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Woonsocket installs anti-homeless architecture in Social Park
And I was threatened with arrest while covering the story...
"If you touch those armrests, I'll have you arrested!" said the man from Woonsocket Public Works to me this morning in Woonsocket's Social Park, as I sat on a bench by the Bocce and Quoit Courts.
I started my video.
"What did you say?" I asked.
"You heard me," said the man. "You don't touch those arms."
"No, you don't touch them."
"So I can't put my arm on the armrests?" I asked.
"Are you putting a tool behind there?" he asked.
"I don't have a tool, I have a phone," I replied, which I now realize is not completely accurate because my phone is a tool of sorts.
"We're friends here," said the man.
"We're friends?" I asked. "I don't think so."
"You don't do those things," he said.
"Let me ask you this, when did these go up?"
"We had three of these removed already," said the man.
"Why?" I asked.
"Why?" he asked.
"Oh! You didn't remove them," I said.
"We didn't remove them,” he explained. “The guys are coming with tools and removing them.”
"That makes sense to me," I said.
"Why does that make sense?" asked the man.
"Because they were put here to hurt people, right?" I replied. "They were put here to keep people from being able to lay down."
The man walked to the bench and sat down, resting his arm on the armrest.
"How are they hurt?" he asked.
"If they try to lay down they're going to have trouble, right?" I said.
"I don't think so," said the man. "It's for senior citizens to rest their arms."
"That makes sense," I lied. "That's the only reason they went in."
"It's the only reason I know of," said the man.
"Why would anybody want to remove them then?" I asked.
"We already had three people try to remove these," he said.
"You had people try or do?" I asked.
"Do. We had to come back and reattach them," he said.
"That might be an ongoing thing then," I suggested.
"Yeah," said the man.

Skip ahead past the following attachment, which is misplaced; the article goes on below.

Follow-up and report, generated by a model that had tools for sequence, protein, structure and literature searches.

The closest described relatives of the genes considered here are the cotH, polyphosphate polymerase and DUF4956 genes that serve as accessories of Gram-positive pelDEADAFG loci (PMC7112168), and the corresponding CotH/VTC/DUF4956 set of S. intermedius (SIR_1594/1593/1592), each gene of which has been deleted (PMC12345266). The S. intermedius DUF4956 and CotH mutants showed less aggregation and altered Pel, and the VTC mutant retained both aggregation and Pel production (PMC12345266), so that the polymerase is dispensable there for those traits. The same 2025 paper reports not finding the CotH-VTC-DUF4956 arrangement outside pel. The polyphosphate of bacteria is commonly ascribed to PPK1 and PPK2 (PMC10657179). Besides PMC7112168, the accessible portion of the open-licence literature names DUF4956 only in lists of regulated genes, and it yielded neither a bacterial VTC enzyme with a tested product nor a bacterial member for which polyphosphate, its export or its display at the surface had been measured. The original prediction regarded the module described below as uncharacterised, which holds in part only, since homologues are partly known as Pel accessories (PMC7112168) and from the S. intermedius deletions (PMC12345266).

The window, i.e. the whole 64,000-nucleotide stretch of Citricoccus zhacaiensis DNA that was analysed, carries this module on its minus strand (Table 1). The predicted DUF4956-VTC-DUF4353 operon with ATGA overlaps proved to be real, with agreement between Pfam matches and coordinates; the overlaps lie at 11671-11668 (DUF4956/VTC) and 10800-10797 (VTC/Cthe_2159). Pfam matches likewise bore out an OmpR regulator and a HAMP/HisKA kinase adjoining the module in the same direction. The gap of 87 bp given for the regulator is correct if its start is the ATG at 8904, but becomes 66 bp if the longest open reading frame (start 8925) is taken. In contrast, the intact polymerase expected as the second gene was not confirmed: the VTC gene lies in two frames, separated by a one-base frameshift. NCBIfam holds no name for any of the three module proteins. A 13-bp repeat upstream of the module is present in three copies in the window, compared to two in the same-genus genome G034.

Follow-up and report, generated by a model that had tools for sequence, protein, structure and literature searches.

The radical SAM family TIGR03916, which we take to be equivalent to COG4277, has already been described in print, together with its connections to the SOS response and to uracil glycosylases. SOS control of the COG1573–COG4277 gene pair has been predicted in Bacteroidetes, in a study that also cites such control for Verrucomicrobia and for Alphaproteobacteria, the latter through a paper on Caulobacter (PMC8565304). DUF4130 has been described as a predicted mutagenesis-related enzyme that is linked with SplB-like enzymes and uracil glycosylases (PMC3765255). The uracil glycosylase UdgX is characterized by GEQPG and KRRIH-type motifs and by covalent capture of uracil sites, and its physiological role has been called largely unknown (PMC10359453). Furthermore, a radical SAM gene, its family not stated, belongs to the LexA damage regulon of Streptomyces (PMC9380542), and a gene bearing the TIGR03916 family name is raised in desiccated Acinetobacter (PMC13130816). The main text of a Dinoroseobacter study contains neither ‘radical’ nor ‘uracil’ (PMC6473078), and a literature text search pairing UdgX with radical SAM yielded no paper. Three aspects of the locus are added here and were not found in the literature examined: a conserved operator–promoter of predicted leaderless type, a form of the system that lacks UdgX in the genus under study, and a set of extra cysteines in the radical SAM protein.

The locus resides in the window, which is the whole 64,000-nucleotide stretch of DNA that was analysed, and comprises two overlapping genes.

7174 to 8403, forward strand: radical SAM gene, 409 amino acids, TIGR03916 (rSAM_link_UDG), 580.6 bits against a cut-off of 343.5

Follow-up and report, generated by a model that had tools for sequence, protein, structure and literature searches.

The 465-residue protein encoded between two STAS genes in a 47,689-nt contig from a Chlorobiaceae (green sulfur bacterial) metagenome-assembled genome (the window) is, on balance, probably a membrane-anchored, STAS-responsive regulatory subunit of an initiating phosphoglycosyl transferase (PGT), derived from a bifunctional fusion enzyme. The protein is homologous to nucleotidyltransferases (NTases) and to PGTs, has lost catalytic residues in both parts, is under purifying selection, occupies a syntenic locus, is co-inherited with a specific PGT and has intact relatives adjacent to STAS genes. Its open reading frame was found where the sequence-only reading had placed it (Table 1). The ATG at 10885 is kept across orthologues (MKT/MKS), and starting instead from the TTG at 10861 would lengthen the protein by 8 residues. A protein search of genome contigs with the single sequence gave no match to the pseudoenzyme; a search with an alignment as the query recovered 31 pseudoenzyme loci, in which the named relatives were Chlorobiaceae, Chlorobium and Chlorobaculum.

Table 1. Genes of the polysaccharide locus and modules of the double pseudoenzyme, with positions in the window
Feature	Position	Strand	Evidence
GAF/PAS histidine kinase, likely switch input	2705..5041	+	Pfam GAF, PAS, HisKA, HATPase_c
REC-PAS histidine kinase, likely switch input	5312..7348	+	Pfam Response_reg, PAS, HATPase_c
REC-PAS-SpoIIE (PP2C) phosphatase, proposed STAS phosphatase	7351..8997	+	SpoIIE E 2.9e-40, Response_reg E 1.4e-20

"I was just seeing how these armrests are affixed," I said.
"You come here every day," he said. [I don't.] "You know how malicious they are."
"What kind of people? When you say 'they,' who are?" I asked, a little at a loss for words.
"Somebody's removing them," said the man. "Whether they're Martians or aliens from another planet, somebody's removing them."
Community organization Rebuild Woonsocket issued a statement on Tuesday strongly condemning the City of Woonsocket’s recent construction of what they term “hostile bench architecture” in Social Park. Hostile architecture, also known as defensive architecture, hostile design, unpleasant design, exclusionary design, anti-homeless architecture, and defensive urban design, “is an urban-design strategy that uses elements of the built environment to purposefully guide or restrict behavior. It often targets people who use or rely on public space more than others, such as youth, poor people, and homeless people, by restricting the physical behaviors they can engage in.”
In January, Allen Charette died, alone and unsheltered on a cold night in Social Park. His body was discovered on one of those benches.
“It’s an act of violence,” said Rebuild Woonsocket Executive Director Alex Kithes. “This is the newest development in the city’s - and in particular, the Baldelli-Hunt Administration’s - long string of attacks, both systemic and direct, on our unhoused neighbors.”
The Baldelli-Hunt Administration has a history of bad housing policy that favors the wealthy and well-connected over the working class, wrote Rebuild Woonsocket in their press release. “They’ve also regularly used the force of the city government to directly interfere with the survival of unhoused community members, such as the eviction and bulldozing of a homeless encampment on public property in January of this year. The city has recently begun coordinating with the community to implement small-scale band-aid solutions, and for that we're thankful. But we need large-scale, systemic fixes to the housing crisis.”
Rebuild Woonsocket quotes a resident of the neighborhood near the Social Park who said, “The consensus in our neighborhood is that nobody is bothered by the folks in the park. A lot of us have relationships with people that we’ve seen in the area for years. I don’t feel unsafe, and the only thing that bothers me about people sleeping in the park is that they’re being forced to sleep outside because of a lack of affordable housing.”
“Over the past few years, residents of Woonsocket showed overwhelming support for a substantial municipal investment in affordable housing,” continued Kithes. “It’s time the city government focused on taking care of the needs of our community.”
I covered Woonsocket Mayor Lisa Baldelli-Hunt’s ongoing actions against her unhoused residents here: